Can Employees Say No to Overworking?

COVID has brought about a lot of changes especially in the workplace. For many remote working has been the ‘new normal’ providing positives such as flexibility, safety for staff during the pandemic and extra family-time. However, on the flipside it also has meant the lines between work and home have become blurred with extra hours and meetings sneaking into ‘personal’ time. 

This can lead to heightened stress levels and serious burnout. On top of this, some employees are becoming fearful of losing their job due to economic uncertainty. Therefore, an employee may feel helpless and feel obliged to work harder and longer hours without extra remuneration. But what are employers and employees’ rights when it comes to working extra hours? What is considered reasonable in terms of overtime? Can staff say ‘no’ when work gets too much?

Don’t stay silent

It’s important to voice your feelings and we would always suggest as a first step that an employee speaks to their employer opening up a conversation. Set out each other’s needs, concerns and see if a compromise can be reached amicably – this should be documented and monitored. Keeping open dialogue and good communication usually makes it easier to overcome most concerns.

Understand your employment conditions  

If the above is not possible then the employee should look to their employment contract and the employer’s staff handbook (if there is one). This will help to understand any restrictions placed upon them, whether they opted out of the Working Time Regulations or agreed overtime, what processes are in place for flexible working and if necessary, what the grievance process is.

If the documents are silent then the employee should revert to the statutory employment rights available to all employees in the UK, subject to certain eligibility and criteria.

The Working time regulations 1998

The Working Time Regulations prevents employees working more than 48 hours a week. If you have opted out of this protection, in writing in your employment contract, an employer can request additional hours paid/unpaid as per those terms. If you wish to withdraw opting out of this protection you must serve notice in line with your contract and then you are able to reject future overtime requests. If your overtime is clear in the contract or you have opted out and you are being asked to work overtime in line with these provisions you have no legal basis to refuse.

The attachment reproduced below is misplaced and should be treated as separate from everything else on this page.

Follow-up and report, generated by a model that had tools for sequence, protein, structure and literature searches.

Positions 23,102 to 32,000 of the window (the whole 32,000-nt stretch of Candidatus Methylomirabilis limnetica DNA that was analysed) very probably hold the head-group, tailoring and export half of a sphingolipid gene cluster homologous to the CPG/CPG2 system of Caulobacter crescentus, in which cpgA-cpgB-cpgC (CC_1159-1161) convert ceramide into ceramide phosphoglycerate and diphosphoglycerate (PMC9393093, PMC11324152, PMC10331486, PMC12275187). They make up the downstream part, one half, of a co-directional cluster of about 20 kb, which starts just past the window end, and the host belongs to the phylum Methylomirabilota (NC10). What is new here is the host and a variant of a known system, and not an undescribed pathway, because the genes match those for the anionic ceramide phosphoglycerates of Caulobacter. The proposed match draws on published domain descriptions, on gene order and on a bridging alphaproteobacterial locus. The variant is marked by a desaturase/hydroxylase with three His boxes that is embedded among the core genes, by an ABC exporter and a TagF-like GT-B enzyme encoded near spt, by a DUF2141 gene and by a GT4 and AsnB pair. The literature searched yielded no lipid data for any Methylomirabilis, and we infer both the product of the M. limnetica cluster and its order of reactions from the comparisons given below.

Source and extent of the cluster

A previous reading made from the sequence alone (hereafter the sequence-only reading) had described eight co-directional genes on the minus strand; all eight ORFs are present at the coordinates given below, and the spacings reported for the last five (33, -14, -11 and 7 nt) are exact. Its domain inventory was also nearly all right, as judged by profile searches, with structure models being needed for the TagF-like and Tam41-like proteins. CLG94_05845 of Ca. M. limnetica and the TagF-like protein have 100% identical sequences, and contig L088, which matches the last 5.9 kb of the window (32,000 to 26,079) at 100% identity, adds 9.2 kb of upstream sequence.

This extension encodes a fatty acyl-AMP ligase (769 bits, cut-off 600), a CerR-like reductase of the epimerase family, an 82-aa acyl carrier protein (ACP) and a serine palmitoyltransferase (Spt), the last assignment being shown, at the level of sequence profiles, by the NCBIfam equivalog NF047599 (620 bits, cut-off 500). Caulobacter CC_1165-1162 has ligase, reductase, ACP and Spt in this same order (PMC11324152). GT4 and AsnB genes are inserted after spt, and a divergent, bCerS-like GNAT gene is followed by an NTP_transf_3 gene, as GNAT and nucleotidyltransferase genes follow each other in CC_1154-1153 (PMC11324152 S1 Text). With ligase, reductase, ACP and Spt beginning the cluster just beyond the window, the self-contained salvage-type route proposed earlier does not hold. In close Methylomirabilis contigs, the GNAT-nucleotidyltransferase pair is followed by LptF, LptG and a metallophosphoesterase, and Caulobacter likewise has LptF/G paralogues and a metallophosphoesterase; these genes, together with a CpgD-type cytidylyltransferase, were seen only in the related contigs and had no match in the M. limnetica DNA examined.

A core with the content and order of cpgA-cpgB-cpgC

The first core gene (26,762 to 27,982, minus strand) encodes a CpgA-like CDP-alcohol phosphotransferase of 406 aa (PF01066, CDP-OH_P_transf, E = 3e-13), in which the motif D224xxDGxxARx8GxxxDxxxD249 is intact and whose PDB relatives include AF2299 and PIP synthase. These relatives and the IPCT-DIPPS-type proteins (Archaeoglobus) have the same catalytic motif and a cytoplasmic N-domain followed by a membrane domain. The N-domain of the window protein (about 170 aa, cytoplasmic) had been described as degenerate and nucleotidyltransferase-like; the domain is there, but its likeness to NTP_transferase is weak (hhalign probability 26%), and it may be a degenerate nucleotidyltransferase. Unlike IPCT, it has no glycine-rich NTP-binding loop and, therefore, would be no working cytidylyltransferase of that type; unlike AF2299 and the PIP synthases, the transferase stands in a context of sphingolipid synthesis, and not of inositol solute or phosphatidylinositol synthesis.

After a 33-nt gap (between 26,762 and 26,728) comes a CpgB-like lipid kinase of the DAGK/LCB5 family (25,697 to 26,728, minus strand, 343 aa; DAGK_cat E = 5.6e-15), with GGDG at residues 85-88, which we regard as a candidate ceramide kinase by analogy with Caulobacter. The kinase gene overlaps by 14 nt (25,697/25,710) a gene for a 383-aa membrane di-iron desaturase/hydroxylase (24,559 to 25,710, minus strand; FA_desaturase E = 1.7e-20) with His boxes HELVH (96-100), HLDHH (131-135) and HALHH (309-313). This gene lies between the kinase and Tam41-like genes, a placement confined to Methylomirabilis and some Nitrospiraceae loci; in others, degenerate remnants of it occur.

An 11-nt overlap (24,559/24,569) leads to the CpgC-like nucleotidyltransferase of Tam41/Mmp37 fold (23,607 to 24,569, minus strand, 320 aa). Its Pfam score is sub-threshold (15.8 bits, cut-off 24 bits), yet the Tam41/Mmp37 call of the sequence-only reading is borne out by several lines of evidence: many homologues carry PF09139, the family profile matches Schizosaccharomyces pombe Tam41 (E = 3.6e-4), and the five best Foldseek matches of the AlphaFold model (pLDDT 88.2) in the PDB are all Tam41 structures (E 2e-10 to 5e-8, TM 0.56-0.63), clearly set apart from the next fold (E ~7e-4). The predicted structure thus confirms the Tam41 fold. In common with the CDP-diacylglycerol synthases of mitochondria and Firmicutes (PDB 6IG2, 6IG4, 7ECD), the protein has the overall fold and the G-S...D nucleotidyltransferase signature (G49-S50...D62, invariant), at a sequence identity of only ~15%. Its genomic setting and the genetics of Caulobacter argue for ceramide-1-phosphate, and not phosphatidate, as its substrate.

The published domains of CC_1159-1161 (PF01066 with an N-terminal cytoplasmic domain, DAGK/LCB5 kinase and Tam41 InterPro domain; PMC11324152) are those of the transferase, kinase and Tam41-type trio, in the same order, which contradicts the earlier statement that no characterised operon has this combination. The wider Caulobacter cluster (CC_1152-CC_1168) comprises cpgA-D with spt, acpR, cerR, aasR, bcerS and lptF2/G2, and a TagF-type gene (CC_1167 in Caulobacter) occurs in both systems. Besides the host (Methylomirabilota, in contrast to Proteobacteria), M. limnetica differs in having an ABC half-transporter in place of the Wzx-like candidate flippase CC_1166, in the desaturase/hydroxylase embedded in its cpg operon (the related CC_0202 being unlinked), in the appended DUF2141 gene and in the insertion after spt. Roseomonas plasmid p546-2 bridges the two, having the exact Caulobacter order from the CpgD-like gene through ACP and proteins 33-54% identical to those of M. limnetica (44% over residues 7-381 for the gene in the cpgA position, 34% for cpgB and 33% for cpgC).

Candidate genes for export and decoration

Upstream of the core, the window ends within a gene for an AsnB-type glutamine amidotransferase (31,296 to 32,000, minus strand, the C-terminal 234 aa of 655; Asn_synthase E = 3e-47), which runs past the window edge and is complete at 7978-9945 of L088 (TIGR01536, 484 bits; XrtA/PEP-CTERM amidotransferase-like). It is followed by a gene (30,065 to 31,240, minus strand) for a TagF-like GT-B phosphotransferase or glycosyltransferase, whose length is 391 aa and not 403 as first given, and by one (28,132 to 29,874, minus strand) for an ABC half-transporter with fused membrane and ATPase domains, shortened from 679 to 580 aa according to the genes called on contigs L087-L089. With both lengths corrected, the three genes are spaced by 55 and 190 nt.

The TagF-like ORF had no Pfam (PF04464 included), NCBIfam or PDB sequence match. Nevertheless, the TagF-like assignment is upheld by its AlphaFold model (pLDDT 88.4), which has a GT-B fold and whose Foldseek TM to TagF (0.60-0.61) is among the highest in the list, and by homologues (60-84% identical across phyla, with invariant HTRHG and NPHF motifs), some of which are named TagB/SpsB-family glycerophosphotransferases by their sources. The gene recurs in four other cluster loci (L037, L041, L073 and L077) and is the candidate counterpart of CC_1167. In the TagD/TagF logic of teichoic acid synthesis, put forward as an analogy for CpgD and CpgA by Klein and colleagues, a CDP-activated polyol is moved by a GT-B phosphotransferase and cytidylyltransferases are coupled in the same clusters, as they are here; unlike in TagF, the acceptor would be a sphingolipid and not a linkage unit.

Reasonable overtime hours

Regardless of what your contract stipulates or whether you’ve opted out you cannot be forced to work 24 hours, seven days a week -so how does the law determine what is reasonable? If you do not opt out the law sees working over and above 48 hours unlawful. If you voluntarily work above this and have opted out, then the hours must not exceed such that you will be paid less than the minimum wage. If you are not getting sufficient lawful breaks then it is not permitted – overall anything above 60 hrs would be questionable. As a guide since employees are entitled to 20 minutes break for every six hours worked, there should be 11 hours between working days and at least 24hrs every week provided or 48hrs every fortnight. There are exceptions to the rules, but this generally applies.